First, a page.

We have achieved Royal Navy recognition which took just under 2 years to achieve. There are about 400 Sea Scout Troops around the country which have an emphasis on water-based activities. Of these, only 103 hold official recognition by the Royal Navy. This entails achieving and maintaining the high standards of the Scout programme, water activities, discipline and smartness, with these being checked at formal inspections held every 18-24 months.

Recognised groups work hard to ensure their Scouts continue to meet the criteria laid down by the Senior Service, which opens the door to use of facilities at locations including HMS Bristol in Portsmouth, HMS Raleigh at Torpoint and RN sailing centres. In addition we can access grants from the Admiralty Fund administered by the Scout Association. Scouts are also eligible to enter the ‘Big Four’ events – the swimming gala at HMS Raleigh early in the year, the week-long summer camp at HMS Bristol in Portsmouth, the Soccer Sixes tournament in late September/early October.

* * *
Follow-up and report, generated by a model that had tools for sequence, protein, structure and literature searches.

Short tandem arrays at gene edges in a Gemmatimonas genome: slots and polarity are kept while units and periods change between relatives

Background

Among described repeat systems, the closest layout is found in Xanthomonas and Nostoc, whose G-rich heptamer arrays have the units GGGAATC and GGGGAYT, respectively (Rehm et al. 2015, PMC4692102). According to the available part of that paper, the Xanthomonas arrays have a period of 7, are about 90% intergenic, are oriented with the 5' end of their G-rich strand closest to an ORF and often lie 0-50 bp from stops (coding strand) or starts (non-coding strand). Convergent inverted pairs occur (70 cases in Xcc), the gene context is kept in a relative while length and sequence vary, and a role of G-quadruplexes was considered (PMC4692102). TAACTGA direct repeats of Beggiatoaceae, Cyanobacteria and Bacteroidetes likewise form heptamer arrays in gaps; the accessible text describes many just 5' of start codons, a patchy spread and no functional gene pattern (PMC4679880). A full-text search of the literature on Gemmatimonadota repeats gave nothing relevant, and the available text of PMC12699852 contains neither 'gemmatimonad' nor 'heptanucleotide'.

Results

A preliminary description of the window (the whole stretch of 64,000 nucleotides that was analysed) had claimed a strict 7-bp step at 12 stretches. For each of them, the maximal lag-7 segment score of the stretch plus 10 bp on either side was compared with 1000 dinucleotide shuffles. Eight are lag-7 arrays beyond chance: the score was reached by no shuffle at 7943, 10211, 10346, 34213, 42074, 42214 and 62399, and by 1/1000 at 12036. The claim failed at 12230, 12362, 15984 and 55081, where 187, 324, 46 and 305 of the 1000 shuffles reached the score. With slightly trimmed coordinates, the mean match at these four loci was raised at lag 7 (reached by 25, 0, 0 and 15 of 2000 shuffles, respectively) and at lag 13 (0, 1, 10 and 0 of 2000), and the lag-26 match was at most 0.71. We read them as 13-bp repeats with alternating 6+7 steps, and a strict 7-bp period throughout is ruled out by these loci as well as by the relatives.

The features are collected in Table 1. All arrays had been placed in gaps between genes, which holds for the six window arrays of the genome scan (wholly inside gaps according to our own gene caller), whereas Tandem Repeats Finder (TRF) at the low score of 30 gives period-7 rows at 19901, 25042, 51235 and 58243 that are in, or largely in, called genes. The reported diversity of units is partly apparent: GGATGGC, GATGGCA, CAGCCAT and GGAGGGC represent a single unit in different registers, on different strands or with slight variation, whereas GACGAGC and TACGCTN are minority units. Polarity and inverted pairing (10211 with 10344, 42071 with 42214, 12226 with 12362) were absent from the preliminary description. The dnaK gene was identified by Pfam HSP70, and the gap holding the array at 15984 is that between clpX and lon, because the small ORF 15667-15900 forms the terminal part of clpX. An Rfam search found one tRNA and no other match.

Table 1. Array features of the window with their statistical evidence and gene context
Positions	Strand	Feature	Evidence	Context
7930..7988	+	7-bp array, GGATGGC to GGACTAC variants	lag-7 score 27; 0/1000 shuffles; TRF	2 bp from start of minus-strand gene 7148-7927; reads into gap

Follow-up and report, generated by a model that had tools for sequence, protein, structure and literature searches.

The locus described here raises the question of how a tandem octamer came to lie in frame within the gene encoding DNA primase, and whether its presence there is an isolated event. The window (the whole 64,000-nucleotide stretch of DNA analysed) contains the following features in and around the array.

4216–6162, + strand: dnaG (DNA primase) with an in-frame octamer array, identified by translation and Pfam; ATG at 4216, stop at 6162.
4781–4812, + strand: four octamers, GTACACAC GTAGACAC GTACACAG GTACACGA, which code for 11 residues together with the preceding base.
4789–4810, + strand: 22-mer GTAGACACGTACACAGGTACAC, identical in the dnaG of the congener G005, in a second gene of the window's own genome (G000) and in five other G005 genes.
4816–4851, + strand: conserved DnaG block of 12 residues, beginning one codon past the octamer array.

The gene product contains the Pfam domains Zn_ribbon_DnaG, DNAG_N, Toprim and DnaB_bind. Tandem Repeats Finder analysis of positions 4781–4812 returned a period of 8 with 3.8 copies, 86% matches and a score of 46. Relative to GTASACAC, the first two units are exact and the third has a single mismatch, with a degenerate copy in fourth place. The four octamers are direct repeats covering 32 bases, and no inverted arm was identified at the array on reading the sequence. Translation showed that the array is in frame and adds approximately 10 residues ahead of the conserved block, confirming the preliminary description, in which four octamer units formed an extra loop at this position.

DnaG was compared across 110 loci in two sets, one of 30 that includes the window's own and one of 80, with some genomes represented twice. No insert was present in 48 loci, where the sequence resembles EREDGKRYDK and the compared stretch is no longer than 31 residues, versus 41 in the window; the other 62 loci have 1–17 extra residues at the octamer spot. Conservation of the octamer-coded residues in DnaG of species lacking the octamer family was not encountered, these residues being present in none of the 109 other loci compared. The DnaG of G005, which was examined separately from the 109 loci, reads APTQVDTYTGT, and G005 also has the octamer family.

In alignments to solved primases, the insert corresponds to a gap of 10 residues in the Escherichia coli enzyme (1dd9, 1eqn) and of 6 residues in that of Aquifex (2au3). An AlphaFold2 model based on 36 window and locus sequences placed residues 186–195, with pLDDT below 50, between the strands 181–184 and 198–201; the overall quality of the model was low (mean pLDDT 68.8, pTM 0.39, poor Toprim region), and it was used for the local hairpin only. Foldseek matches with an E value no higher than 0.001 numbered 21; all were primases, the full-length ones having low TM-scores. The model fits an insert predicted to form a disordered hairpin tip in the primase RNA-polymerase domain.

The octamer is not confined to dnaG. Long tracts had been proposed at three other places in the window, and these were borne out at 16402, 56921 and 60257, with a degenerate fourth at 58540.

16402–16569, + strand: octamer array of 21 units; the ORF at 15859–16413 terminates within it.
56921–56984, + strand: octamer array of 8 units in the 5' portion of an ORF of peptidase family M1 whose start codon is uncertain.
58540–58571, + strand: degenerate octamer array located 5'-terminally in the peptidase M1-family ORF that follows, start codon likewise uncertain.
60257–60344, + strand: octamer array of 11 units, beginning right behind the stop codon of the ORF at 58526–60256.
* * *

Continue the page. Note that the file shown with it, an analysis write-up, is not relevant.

Sea Scouting in the UK began in 1909, and quickly spread through the UK. During World War 1 Sea Scouts performed duties as coastal lookouts and messengers and, in recognition of this, were formally recognised by the Admiralty Board in 1919. During World War 2, selected Sea Scouts groups again helped the RN, receiving access to stores and grants in return for training young men in basic seamanship for military service. RN Recognised Sea Scout groups are now found across the UK, from Inverness to Guernsey, Falmouth to Gibraltar. The main driving force behind groups applying for and remaining in the Royal Naval Recognition Scheme is the kudos and associated pride.